Lets Fighting Love

South Park: The Stick of Truth is about as close to being a representation to the television show as you can get. From the in-game animation (which looks like an actual episode), to the very strange scenarios that play out through the course of the story. It is hard to resist singing along or at least smiling to the songs from episodes’ past playing in the buildings of the business district. The open world will allow the player to prolong the near 10-12 hour story mode to explore to pick up random collectables, fight off enemies, make Facebook friends, and just explore from the boys’ homes and other areas.
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Where South Park: The Stick of Truth shines is also where some gamers might find some faults. The biggest being that if you are not a fan of the show or raunchy, gross-out humor; this game is definitely not for you. Again, getting abducted by aliens might be one of the more tame things to happen in a game where a battle happens on the bed of the in-game parents, while they’re having sex. Those looking for a hardcore RPG won’t find much here, considering the map in the game is considerably smaller than other games they’ve grown accustomed to seeing and exploring. If you’ve never watched an episode of the show, some call backs to the show will definitely go over your head.


The game is a tribute to the show and is something of a tribute for the longtime fans of the show; and some fans that tune in for a few seasons at a time, but recognize the classic moments. It does all this while creating new moments that will make the player laugh or cringe with disgust…Sometimes both at the same time. The Stick of Truth is filled with the raunchy, gross-out humor one would expect from the creators of the show. So if you’re a fan of the game, you’ll feel right at home here.

To be honest, South Park: The Stick of Truth is a fun game. While the combat is simple, the most rewarding part of it is all the animations and the sweet sense of relief knowing you timed a special attack just right, adding extra damage to a tough enemy. The humor in the game might turn some away, but if it’s your kind of humor, The Stick of Truth is one of the funniest (and strangest) games you’ll play. Though it isn’t a 300 some odd hour experience of bigger games, players might feel compelled to go back and try it again under a different class to see their strengths, weaknesses, and special attacks play out. In the end South Park: The Stick of Truth is a great game from the novice to the most experienced RPG fans, that happen to love the South Park show.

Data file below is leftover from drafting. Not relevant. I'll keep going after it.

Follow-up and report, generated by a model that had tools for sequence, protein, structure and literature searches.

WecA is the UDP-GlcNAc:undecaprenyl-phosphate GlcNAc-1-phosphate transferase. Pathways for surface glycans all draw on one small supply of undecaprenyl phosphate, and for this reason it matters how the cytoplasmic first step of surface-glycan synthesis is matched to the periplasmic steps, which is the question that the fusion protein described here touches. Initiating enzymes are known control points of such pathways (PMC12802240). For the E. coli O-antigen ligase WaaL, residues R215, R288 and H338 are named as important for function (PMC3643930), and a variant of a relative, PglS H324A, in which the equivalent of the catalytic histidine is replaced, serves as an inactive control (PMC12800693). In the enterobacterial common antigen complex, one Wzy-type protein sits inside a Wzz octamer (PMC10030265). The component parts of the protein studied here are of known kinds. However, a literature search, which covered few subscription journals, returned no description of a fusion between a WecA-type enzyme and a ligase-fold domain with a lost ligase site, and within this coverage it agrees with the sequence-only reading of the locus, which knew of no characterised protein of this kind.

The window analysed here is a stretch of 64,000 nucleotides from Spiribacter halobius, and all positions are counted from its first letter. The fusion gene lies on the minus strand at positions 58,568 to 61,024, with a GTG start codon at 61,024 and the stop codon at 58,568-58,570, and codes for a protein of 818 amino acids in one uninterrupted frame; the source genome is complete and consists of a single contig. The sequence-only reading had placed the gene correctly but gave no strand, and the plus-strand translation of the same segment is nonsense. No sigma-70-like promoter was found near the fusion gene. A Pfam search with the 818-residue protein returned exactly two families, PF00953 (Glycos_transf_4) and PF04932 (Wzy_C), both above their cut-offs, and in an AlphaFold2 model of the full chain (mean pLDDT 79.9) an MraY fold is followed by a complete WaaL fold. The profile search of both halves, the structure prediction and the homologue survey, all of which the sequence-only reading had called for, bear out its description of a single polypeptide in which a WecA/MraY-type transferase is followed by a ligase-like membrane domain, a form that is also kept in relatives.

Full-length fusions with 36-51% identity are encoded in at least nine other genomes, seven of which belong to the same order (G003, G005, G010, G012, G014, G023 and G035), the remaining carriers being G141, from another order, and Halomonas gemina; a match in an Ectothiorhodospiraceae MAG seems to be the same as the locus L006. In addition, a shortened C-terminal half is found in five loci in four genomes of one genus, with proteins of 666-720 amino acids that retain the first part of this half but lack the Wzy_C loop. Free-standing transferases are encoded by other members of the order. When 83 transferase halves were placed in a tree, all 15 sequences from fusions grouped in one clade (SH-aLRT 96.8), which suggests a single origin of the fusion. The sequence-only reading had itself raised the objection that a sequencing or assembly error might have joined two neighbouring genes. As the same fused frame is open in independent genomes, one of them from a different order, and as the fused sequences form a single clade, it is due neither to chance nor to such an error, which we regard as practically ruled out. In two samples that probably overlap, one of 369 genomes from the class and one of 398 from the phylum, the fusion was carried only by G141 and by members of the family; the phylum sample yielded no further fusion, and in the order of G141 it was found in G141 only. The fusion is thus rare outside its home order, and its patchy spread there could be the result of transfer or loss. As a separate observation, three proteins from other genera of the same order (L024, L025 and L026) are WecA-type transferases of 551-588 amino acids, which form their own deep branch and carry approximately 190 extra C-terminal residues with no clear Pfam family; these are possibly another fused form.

Final Verdict: South Park: The Stick of Truth gets 8 thrown farts out of 10

This review is based on a retail copy of the Playstation 3 version of South Park: The Stick of Truth by Obsidian Entertainment distributed by Ubisoft.

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Come On Down To South Park... | South Park: The Stick of Truth Review
  • Faithful to the Show
  • Strange and Funny
  • Fan Service
  • Shallow Experience
8Overall Score
Reader Rating: (0 Votes)

  • Nconnors13

    Nice review, glad the video game feels like the show. Too many times you see a popular show/movie adapted to a video game and it’s terrible. South Park is a unique show and I wasn’t sure if it would translate well to a video game, but by the sounds of it, it does.